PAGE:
The dimensions of the photo below are 480 pixels wide by 318 pixels high. The original dimensions of the photo were 2,048 x 1,356 pixels, which is not only much too large to display within the layout of The Hot Iron but too large for most blog feed readers. Using the most basic features of PhotoShop, I reduced it to the size above. As a result, the physical dimensions of the photo match the display dimensions, not to mention the size of the file being much smaller as well.
The alternative to this would have been to add the photo to the blog post and resize its dimensions “logically” by adjusting the HTML display dimensions. This would have had 2 negative impacts on the beautiful picture. It would have appeared grainy or pixilated as I am simply squishing the image without altering its physical size. Also, it would have taken longer for it to appear, as the filesize would be 10 times larger than the physically resized image.
Larger images logically resized appear more than you would think, or now would like. I see it on blog posts, Web sites for businesses as well as email newsletters. The user experience is often where the entire page loads and the photo or image slowly appears, line-by-line, from top to bottom. Many times I have been tempted to contact the owner of the Web site or newsletter, however from past experience such submitted issues go unresponded to.
So how do you resize your images? Many of you may already have software to do this installed on your PC or Mac – some may come from the OS itself, or in the case of Windows it may be pre-installed software from the hardware vendor. Some digital camera software comes with basic editing tools. Some online photo sites may offer editing and resizing capabilities as well. You can also acquire a full copy of Adobe Creative Suite, or its lower-priced cousin PhotoShop Elements.
With a little bit of work, you can provide a greater experience to your readers with good looking photos and images displayed in an optimal way.Blogging • Technology • Web Design • (1) Comments • Permalink
Where last time I talked about QR codes on a Chicago transit station platform this time I am stepping into the car, where I am surrounded by a single ad campaign and large QR codes, as you can see in the photo below.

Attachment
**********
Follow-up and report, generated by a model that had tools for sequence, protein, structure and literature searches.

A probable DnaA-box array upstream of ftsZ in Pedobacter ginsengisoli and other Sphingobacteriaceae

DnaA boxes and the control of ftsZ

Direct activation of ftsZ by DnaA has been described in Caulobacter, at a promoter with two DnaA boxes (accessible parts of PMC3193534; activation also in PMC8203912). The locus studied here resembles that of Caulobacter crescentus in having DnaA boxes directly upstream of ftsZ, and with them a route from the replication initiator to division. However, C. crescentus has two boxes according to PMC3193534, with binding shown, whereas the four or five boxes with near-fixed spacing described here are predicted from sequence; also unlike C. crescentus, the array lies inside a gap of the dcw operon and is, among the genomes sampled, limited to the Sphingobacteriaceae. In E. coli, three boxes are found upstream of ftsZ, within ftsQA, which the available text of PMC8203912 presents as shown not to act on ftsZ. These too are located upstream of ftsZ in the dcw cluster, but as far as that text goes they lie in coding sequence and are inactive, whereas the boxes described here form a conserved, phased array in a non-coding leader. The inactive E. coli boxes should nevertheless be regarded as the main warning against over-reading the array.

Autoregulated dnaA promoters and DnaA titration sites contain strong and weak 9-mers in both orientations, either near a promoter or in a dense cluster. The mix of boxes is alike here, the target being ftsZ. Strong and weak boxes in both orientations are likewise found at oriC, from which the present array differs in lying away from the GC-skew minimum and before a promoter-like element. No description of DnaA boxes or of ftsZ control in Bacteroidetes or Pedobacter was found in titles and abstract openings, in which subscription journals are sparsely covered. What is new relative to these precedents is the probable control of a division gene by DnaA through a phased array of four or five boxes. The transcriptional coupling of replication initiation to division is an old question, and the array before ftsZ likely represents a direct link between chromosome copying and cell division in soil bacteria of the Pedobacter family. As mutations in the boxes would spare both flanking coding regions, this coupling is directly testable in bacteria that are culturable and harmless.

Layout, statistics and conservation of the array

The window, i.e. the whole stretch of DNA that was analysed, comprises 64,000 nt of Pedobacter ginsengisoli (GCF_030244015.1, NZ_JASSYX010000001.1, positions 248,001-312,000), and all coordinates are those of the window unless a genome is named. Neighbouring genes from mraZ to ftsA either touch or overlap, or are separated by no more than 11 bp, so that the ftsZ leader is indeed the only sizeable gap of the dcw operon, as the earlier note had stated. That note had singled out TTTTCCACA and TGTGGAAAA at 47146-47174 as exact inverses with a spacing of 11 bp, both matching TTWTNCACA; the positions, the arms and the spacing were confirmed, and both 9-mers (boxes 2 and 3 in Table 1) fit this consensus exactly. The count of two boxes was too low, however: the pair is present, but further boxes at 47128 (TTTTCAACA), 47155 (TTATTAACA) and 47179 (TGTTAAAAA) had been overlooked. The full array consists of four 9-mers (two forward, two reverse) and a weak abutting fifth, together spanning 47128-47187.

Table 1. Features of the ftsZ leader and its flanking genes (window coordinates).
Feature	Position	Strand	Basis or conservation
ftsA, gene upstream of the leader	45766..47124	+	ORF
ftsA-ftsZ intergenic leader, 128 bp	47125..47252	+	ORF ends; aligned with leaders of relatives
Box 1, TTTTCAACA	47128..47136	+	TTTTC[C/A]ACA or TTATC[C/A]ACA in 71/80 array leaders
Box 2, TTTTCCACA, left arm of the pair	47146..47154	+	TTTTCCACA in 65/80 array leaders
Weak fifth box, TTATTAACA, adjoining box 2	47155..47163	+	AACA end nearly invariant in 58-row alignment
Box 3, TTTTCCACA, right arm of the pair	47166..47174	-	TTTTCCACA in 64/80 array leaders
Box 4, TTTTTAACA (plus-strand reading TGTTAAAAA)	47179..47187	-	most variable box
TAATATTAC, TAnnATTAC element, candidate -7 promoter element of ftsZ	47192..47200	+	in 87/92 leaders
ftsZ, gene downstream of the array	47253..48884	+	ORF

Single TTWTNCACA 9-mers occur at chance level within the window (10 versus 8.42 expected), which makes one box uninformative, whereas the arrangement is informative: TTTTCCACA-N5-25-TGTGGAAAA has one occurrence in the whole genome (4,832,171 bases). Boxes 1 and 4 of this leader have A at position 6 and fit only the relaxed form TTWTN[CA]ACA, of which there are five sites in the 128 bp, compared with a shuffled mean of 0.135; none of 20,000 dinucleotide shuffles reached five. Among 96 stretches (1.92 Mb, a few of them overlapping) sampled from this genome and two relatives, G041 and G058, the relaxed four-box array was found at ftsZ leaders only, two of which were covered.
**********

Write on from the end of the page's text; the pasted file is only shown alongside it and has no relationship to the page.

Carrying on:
The photo shows an ad for The Real Southwest, which is being sponsored by the Tucson, Arizona Convention and Visitors Bureau. All of the ad spaces in this train car are for the same campaign, which is becoming more and more common place. What is interesting about the photo above is that it is of the ad affixed to the ceiling of the train car! The photo below shows a similar ad, but at eye level, and with a one word difference – can you find it?
The actual train car I was riding on was full so I was not able to get other pictures without annoying other passengers any more than I was when I took these. Not every ad had a QR code on it, but there was always within a standard field of vision.
What’s unique about this ad series is that the instructions are prominent within the ad copy. Many times if there are instructions along with a QR code on what to do with it, they are in small type and located in the corner of the ad. It tells you to get the Scanlife, not to download a QR code reader, which is also unique. And by placing the URL to scanlife.com alongside the code is, again, unique. Of course if you know what a QR code is you will just scan it.
All of the codes I scanned took me to the same web page on the Tucson Web site. What would have been interesting was if they had different QR codes, thereby being able to track which one people scanned to get to the Web site, or having a unique QR code on the ceiling to track how many people look (and scan) up.
What are your thoughts on this ad – is it as unique as I have said it is, or just a good campaign? Please share your thoughts in the comments of this post.Build • QR Codes • QR Codes In Action • Web Design • (5) Comments • Permalink
With the start of a new year, many people come out with predictions or trends they see for the coming 12 months. There’s plenty of great writings out there already, so I will not add to the list (if you want to read a good one, there’s Emily Brackett’s Top 10 Web Design Trends for 2011 That Will Help Your Small Business).